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7 Must-See Pieces of Free Winnipeg Art

Public Winnipeg Art: Monument

Public Winnipeg Art: Michel de Broin’s Monument

PUBLIC WINNIPEG ART: STOP #1
Monument @ La Maison des artistes visuels francophones

Underneath their granite veils, two anonymous figures stand hauntingly in the Jardins des sculptures on the lawn of La Maison des artistes visuels francophones. Eschewing classical sculpture rules, Monument artist Michel de Broin shrouds the identity of these figures. This artistic rule-breaking plays on the old-versus-new theme inherent in Winnipeg’s French Quarter. Visitors can find other works about a block and a half east of the Provencher Bridge. The newly developed sculpture garden at this artist’s centre houses permanent and temporary pieces for contemporary tastes.
• La Maison des artistes visuels francophones, 219 Provencher Blvd., 204-237-5964, maisondesartistes.mb.ca
• Map and reviews
 

Public Winnipeg Art: Great Wise Owl

Public Winnipeg Art: Great Wise Owl

PUBLIC WINNIPEG ART: STOP #2
Great Wise Owl @ the Forks Market
At the Forks Market, a 12-foot, stainless steel grey owl silently watches over the visitors who stream down to this bustling shopping, dining and recreation spot. Great Wise Owl has his own story to tell: created by local architect Etienne Gaboury, each feather in his plumage are cutouts of animals all found in Manitoba. Sitting on a rotating base, the sculpture can be turned so sunlight streams through his feathers all day long. Drop coins in his tail to support the Forks Foundation, a charity devoted to enhancing The Forks.
• Forks Market, 1 Forks Market Rd., 204-942-6302, theforks.com
Map and reviews 

[RELATED: The 5 Winnipeg Architectural Marvels You Don’t Want to Miss]

PUBLIC WINNIPEG ART: STOP #3
Lawn Art @ Wellington Crescent
Take a drive down Wellington Crescent to see some of the city’s finest outdoor art, presented on the various lawns facing the Assiniboine River. Many giant sculptures grace the beautiful homes on this stretch. At the Asper Jewish Community Campus (corner of Doncaster Street), for example, installations Mother & Child and Untitled (depicting a kids’ game of tug of war) decorate the Rose and Max Rady Jewish Community Centre courtyard.
• Rady Jewish Community Centre, 123 Doncaster St., 204-477-7510, radyjcc.com

Public Winnipeg Art: Bush Pilot

Public Winnipeg Art: Bush Pilot by Leo Mol

PUBLIC WINNIPEG ART: STOP #4
Leo Mol Sculpture Garden @ Assiniboine Park

Located at the end of Wellington Street (see #3, above), Assiniboine Park’s Leo Mol Sculpture Garden is a must-see for every art aficionado visiting Winnipeg. Mol is the only artist in North America to have a sculpture garden solely devoted to his work. Every year, more than 250,000 visitors walk through his garden, which features wildlife, figures and busts. One of the most popular pieces is The Bush Pilot, a larger-than-life figure that matches the grandness of the outdoors.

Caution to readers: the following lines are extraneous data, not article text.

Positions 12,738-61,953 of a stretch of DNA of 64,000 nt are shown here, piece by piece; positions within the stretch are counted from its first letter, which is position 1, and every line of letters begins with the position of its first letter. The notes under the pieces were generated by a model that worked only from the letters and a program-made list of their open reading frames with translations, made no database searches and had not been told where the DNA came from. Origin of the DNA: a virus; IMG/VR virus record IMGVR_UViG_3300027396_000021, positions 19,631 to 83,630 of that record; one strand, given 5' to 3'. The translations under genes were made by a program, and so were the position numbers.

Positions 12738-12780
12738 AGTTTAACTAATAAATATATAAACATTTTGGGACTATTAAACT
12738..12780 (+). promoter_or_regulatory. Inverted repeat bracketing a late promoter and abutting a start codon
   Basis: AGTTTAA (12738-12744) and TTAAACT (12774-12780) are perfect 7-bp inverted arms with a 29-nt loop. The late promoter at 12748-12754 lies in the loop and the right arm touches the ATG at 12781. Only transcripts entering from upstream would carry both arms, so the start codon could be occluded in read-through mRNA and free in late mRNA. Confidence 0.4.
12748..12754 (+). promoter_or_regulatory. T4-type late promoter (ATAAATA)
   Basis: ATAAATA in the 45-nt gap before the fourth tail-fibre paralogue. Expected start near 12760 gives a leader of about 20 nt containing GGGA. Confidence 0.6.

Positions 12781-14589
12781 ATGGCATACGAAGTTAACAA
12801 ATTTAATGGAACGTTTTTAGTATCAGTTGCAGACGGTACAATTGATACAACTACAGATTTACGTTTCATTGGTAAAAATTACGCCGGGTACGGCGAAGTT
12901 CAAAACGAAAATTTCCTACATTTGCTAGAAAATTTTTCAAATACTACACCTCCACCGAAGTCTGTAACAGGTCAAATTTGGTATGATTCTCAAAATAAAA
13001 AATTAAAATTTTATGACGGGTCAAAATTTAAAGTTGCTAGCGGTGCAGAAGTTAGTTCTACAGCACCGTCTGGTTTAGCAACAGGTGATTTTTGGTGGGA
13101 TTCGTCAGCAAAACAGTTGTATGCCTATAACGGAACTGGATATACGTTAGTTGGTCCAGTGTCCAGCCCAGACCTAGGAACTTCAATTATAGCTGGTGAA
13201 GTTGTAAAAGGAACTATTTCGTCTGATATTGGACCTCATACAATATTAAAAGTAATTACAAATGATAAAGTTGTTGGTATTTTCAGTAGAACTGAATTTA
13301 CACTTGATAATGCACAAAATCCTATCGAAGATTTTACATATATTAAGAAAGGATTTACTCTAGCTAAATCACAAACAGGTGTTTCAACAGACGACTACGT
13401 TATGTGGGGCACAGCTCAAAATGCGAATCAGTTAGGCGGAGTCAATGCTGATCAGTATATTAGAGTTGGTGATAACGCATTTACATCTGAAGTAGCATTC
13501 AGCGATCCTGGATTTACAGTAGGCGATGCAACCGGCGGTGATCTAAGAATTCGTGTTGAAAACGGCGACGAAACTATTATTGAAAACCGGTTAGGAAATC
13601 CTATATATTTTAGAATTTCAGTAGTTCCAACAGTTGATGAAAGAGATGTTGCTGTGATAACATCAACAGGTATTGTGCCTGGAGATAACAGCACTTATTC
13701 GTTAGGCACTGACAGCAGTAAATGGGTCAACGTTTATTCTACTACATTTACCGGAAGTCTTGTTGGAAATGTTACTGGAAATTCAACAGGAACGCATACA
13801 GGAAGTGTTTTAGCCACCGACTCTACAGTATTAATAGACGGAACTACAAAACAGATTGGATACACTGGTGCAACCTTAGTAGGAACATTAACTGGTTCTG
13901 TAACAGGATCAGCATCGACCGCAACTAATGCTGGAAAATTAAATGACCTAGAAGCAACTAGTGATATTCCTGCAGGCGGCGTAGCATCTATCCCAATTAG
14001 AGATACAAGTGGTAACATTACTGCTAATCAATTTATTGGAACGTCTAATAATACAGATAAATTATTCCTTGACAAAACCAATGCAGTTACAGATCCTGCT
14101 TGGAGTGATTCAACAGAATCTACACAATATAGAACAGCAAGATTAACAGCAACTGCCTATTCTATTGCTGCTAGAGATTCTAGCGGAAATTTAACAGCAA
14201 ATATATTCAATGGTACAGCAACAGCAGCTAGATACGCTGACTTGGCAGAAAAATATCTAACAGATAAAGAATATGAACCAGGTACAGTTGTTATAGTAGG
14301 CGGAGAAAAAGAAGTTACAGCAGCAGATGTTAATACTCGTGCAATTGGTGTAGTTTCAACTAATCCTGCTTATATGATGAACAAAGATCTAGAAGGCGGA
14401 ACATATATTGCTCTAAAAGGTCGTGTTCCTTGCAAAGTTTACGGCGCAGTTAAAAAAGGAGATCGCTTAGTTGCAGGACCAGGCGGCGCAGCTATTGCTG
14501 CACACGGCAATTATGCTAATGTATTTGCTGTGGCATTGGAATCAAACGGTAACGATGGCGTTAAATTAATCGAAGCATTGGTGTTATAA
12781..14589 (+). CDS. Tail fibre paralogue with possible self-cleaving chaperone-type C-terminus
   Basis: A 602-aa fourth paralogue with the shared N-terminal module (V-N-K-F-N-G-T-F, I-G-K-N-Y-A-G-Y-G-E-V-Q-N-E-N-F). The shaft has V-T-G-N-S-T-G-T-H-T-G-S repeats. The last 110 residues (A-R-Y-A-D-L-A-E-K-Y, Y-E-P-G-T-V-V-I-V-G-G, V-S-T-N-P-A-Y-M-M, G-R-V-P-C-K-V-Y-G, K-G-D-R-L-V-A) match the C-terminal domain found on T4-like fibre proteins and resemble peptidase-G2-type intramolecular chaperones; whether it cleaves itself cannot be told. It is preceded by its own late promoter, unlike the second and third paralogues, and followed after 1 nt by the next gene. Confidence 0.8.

• Leo Mol Sculpture Garden, 55 Pavilion Cres., 204-927-6000, website
• Map and reviews

Public Winnipeg Art: Agassiz Ice

Public Winnipeg Art: Agassiz Ice (Photo: AJ Batac)

PUBLIC WINNIPEG ART: STOP #5
Agassiz Ice @ Portage and Overdale

Three jagged stainless steel icebergs jut out from the grass on the banks of the Assiniboine River. Called Agassiz Ice, the polished metal installation is the only piece of “ice” you’ll find year-round in Winnipeg. The trio of icebergs sits at Portage Avenue and Overdale Street, by the pedestrian footbridge that crosses into Assiniboine Park. Artist Gordon Reeve modelled the metal sculpture after Lake Agassiz, a massive glacial lake that covered most of Manitoba in prehistoric times.
• Agassiz Ice, Overdale Street and Portage Avenue

Public Winnipeg Art: Bison

Public Winnipeg Art: Bison by Georges Gardet (Photo: Jason Empey)

PUBLIC WINNIPEG ART: STOP #6
Bison @ the Manitoba Legislative Building
At the front entrance of the Manitoba Legislative Building stand two striking, life-size bison sculptures at the foot of the Italian marble steps. Legend has it that the entire main floor was flooded and then frozen in order to install the 5,000-pound beasts without scratching the marble floors. The bison—modeled by Georges Gardet, who also created the Golden Boy—were placed on slabs of ice cut from the Assiniboine River and carefully slid into the building.
• Manitoba Legislative Building, 450 Broadway, 204-945-5813, website
Map and reviews

Public Winnipeg Art: emptyful

Public Winnipeg Art: emptyful by Bill Pachet (Photo: Pookitoots)

PUBLIC WINNIPEG ART: STOP #7
emptyful @ Millennium Library

The colours and mist effects of this ultra-modern piece of conceptual art have been dazzling visitors since it was created at Millennium Library in 2012. The beaker-shaped sculpture is the brainchild of Vancouver artist Bill Pachet, who created emptyful from 22,000 kg of steel, and positioned it to frame Winnipeg’s architectural jewels. The lights that colour the mist and steel of emptyful change with the seasons. The name was inspired by the Prairies themselves, which offer both wide-open emptiness, and a full bounty of farms, people, weather and culture.
• emptyful, Millennium Library, 251 Donald St., 204-986-6450, website

 

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One response to “7 Must-See Pieces of Free Winnipeg Art”

  1. Ghandoura says:

    That’s not a beaker. It’s a flask.

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